As many of our readers know, Greenland, the land of Inuits, is a place with a [u]fanatic interest in handball[/u]. In fact, measured per capita, there is no other nation with more handball players. Greenland has been a Danish territory since 1721, but more recently with a ‘home rule’ provision. Last year, Greenland obtained ‘self rule’ status, following a referendum, a vital step towards formal independence. In sports, Greenland does not have an Olympic Committee, but eight major sports are coordinated by a national sports federation. Handball is indeed a vital activity for the youth in Greenland.
Greenland is a full member of the IHF since 1998 and has participated in numerous World Championships in different categories. In fact, Greenland took part in the Women’s Junior World Championship in Korea last month. The allocation of Greenland to the Panamerican continent has at times been controversial, both on grounds of principle and for the practical reason that it creates a continent with huge distances for travel. But in reality, the only ones who have been forced to cope with such travel are the Greenland teams themselves, frequently traveling to South America, as no Panamerican events have been allocated for hosting by Greenland.
One other concern that has been heard from various Panamerican sources over the years is: ‘how can we know that we are really playing against a true Greenland team, as it is normal for the players to travel under Danish passports’. In the end, I think the other countries have been convinced by what I know to be an absolute reality: the pride of the people in Greenland in their athletes and teams who represent them abroad would never permit a situation where a non-native would be allowed on a team.
While the Inuits of Greenland thus have had their special status and issues in their international sports participation, there is another group that is facing similar but even more awkward problems. Many here in the U.S. are familiar with the sport of lacrosse, although not everyone knows a lot about its origins. Just like I was relatively unaware until recently, I think there would also be a widespread lack of awareness that lacrosse exists in some many countries around the world. The Federation of International Lacrosse (FIL) has about 25 ‘full members’, 15 ‘associate members’ and 35 ‘emerging nations’.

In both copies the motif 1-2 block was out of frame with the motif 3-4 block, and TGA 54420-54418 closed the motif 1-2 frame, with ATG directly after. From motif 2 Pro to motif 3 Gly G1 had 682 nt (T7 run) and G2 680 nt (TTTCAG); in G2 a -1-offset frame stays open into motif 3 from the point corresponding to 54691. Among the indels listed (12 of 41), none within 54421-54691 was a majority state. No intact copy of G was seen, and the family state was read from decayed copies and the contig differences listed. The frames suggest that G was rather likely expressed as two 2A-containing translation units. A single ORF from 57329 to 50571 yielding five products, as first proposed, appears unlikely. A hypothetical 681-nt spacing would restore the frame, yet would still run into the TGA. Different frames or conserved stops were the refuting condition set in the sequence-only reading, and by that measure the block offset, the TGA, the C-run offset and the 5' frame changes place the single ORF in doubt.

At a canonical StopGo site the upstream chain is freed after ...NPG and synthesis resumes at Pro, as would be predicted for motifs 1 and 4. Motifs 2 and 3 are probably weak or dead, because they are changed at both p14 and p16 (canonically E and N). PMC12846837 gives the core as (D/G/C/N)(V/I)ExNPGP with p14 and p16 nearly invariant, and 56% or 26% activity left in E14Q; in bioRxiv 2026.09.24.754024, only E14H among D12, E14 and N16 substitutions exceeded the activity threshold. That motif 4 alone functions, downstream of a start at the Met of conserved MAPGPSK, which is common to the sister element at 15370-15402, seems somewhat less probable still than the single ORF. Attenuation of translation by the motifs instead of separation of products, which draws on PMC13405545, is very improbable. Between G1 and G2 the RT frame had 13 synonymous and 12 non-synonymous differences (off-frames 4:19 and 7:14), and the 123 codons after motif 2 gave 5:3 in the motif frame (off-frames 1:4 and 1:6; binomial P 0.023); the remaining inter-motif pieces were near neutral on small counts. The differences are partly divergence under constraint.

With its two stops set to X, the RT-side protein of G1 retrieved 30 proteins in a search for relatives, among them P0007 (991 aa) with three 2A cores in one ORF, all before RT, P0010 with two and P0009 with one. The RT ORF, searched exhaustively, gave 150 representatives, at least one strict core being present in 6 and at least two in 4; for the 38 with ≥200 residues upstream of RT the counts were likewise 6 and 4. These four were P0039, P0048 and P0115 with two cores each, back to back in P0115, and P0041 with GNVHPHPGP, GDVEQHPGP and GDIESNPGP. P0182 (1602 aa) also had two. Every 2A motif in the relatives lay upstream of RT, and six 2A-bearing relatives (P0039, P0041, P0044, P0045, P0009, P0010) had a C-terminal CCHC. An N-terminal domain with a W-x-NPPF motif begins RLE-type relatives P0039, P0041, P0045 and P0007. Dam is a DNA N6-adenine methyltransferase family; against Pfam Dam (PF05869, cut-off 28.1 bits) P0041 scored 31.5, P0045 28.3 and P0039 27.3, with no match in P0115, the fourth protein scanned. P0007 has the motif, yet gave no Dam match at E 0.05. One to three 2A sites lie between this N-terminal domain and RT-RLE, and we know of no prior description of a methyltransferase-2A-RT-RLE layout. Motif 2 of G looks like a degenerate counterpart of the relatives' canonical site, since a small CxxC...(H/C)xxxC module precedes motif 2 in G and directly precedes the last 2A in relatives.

BUT the biggest secret, at least to me, was that the Haudenosaunee nation (six Iroquois Indian tribes) is a full member of the FIL!!! If you are intrigued and want to learn some further details about this nation, then I suggest that you ‘google’ and check out some web sites, but suffice it to say here that these North American Indians are the ones who [u]invented lacrosse[/u] in its original form. (It was described in 1636 by a French missionary as the ‘Jeu de la Crosse’). Even more astonishingly, they are highly competitive internationally today. For instance, the Iroquois men are ranked [u]fourth[/u] in the world, behind Canada, USA and Australia, but ahead of England!
The crux, however, is their long-standing and proud independence. The Haudenosaunee nation has treaties with the U.S. that go back two centuries, and they have been traveling around the world on their own passports for over 30 years, for instance participating in previous lacrosse world championships. Suddenly this year, just before the start of the Men’s World Championship in England, the U.S. government announced that these passports would no longer be valid. (Security concerns involving the old-fashioned, partly hand-written passports appeared to be the reason). This decision was totally traumatic for the Iroquois, not just because of the planned travel but for much more fundamental reasons related to history and culture. In the end, the U.S. State Department backed down, but unfortunately the U.K. government did not, so the team had to stay home.
To complete the circle back to [u]handball[/u], it should be noted that American Indians participated for two years in the mid-1990s with their own a team at the U.S. nationals in handball. It was an all-star team, put together after nationwide try-outs, that participated with some modest success on the men’s side. (A women’s team had also been put together but was not seen to be competitive enough.) The whole endeavor was made possible through the support of the Native American Sports Council (NASC).
My understanding is that their interest in handball remains. Both the NASC and many tribal leaders recognize the potential value of sports, also at the competitive level, as a way of providing inspiration and an outlet for young Native Americans. Many of them are growing up under miserable social and economic conditions, and they are facing a difficult situation with huge unemployment and limited prospects. My contacts with a former national team player (at the Olympic level) and referee, Dan Foster, who is back at his family’s Sioux reservation (Rosebud in southernmost South Dakota), suggest that a resurgence might be viable with some support from USA Handball.